The writing is well crafted, having a narrative full of action, and that hooks you from the start, avoiding most of the possible info-dumping and integrating it as an organic part of the storytelling. An aspect that should be spotlighted is how vivid the scenes become, especially when they involve violence or more gore-ish situations; there are moments where you feel really uncomfortable reading about them, as intended, transmitting what Vayo is experiencing at that moment.
The world-building is really interesting, mixing elements from different cultures and creating a mashup that makes you want to know more about it. While the main inspiration is ancient Egypt, we can see some small details such as the names of Vayo’s tribe people, which are inspired by the ones used in nowadays Euskadi. Mythology makes me feel curious, as there are a fair amount of gods, whose powers manifest in the world (and whose stories maybe someday could inspire a book like the Life of Saints).
In summary, Wings of the Storm is a really entertaining book, which will delight high fantasy lovers, and is perfect for those that enjoy coming-of-age stories. While the main arc is closed, there are enough plots open at the end of this book to deserve a sequel, Godseye, which will be published in 2023, and that, at least for me, will be the perfect excuse to return to Aelaron.
About the authors
Around every turn, Christopher Guhl expects to be dazzled by something unexpected, amazing, and fantastical. Though still waiting for the day when a wizard shows up on his doorstep, he now creates the worlds he dreams of on his own, plucking them from his mind like seeds and allowing them to grow after proper nourishing.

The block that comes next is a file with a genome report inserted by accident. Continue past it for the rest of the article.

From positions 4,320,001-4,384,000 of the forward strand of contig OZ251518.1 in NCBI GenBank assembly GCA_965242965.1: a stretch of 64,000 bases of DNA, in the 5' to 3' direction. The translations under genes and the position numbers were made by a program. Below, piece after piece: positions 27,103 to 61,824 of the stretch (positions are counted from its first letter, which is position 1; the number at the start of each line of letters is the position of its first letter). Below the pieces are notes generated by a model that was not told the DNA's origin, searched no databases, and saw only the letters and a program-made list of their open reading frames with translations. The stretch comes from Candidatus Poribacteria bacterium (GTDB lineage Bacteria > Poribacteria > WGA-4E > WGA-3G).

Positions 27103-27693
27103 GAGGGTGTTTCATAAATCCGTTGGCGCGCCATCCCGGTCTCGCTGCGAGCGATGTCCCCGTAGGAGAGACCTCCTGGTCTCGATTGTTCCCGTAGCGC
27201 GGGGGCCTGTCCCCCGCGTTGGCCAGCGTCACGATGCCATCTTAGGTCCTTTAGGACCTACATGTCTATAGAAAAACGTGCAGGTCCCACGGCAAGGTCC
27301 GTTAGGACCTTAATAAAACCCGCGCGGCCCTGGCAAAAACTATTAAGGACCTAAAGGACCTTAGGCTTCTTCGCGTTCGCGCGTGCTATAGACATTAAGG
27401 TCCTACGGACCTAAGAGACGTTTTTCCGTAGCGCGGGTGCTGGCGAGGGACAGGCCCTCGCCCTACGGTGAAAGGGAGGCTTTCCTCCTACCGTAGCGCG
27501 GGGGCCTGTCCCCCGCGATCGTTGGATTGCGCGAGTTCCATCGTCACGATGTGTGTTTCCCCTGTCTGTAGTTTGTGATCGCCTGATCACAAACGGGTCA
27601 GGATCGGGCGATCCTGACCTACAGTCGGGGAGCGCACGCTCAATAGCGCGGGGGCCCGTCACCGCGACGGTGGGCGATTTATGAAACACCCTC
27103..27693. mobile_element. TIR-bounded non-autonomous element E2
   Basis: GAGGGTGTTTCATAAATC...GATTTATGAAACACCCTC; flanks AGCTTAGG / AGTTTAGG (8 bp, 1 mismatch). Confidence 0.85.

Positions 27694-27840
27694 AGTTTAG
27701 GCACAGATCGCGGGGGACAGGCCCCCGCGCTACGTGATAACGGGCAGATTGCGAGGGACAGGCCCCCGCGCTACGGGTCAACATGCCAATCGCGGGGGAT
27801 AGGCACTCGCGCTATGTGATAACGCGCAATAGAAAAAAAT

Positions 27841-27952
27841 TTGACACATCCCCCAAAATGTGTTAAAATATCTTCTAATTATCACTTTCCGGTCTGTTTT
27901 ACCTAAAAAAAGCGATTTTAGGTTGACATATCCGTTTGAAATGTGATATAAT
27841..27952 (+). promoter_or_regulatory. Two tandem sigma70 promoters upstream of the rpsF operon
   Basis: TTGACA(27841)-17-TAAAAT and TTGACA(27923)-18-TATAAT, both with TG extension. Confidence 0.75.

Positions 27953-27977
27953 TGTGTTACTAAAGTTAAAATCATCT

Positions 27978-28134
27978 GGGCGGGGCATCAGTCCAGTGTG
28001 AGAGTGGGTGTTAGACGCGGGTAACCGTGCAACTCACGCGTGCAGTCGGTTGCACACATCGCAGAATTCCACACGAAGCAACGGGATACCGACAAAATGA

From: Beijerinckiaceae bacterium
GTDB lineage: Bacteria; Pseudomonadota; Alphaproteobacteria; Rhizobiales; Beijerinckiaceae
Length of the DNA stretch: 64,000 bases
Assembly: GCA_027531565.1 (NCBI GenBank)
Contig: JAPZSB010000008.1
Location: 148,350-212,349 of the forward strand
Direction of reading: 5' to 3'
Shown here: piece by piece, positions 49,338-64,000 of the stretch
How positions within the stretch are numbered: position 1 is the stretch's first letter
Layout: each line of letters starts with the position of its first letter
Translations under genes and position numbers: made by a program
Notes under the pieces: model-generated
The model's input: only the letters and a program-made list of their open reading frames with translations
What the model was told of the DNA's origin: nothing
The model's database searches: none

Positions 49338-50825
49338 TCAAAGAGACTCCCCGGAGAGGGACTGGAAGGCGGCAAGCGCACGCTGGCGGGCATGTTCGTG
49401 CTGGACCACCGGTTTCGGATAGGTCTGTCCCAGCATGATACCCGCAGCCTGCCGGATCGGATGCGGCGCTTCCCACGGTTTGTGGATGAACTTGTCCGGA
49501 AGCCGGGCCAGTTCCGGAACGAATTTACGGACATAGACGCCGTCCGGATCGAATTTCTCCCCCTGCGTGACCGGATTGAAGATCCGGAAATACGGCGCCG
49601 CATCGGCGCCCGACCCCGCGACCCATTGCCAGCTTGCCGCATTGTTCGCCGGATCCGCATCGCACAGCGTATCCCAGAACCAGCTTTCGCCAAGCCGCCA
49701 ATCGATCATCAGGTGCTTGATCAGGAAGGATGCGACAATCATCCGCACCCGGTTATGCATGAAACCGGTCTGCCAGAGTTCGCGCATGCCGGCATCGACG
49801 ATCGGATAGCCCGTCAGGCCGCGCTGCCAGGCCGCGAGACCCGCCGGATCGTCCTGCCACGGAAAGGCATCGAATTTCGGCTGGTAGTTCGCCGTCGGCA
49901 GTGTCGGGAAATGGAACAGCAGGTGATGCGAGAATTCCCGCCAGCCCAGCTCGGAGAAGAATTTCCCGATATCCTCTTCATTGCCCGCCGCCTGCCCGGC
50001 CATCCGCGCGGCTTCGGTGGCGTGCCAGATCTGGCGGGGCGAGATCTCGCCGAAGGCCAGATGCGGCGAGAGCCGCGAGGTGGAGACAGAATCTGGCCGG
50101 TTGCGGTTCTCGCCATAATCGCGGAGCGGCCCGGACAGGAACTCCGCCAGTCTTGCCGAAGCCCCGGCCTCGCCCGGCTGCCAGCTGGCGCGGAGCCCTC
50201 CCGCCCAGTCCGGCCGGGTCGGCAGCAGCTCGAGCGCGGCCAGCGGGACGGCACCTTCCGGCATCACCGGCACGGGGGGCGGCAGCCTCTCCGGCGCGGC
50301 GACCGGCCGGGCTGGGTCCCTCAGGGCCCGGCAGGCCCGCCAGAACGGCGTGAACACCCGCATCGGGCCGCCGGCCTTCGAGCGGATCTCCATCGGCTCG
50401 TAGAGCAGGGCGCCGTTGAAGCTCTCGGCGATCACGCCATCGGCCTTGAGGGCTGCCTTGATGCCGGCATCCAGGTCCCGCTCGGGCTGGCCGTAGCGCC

He fell in love with writing while completing a creative writing emphasis track at the University of Iowa. Then took those skills and wrote his debut novel, NAEVIA-18, a young adult science fiction novel akin to The Giver and Divergent. Next, he moved to fantasy worlds with ABSOLUTE ESSENCE, a fantasy adventure with elemental monsters, strange creatures, and powerful magic. After a novella, DESCENT, set in the world of Naevia-18, Christopher is ready to tackle his next adventure, joining forces with a strange, cloaked man that showed up on his doorstep…
A devoted scribbler and award winning author, Aaron Bunce has been seeking a portal to another world since childhood. Once he finally gave up on finding a magical wardrobe or teleporting phonebooth, he decided to write about new worlds instead.
A graduate of Southern New Hampshire’s English program, Aaron has been a writer, editor, publisher, and audiobook producer. His passion is stories, but more so, characters, as they drive the experience. He started writing in fantasy, bounced to science fiction horror, veered into LitRPG territory, and has touched many other genres in between.
Aaron and Christopher are excited to bring their newest offering to readers, as they launch an all-new fantasy saga—The Dunes of Aelaron. Featuring wind-swept dunes, dark, meddlesome gods, and massive stormbirds, the electric first offering, Wings of the Storm, will blow readers away.
Una respuesta a “Wings of the Storm (The Dunes of Aelaron #1), by Aaron Bunce and Christopher Guhl”
Great review! Thank you so much!!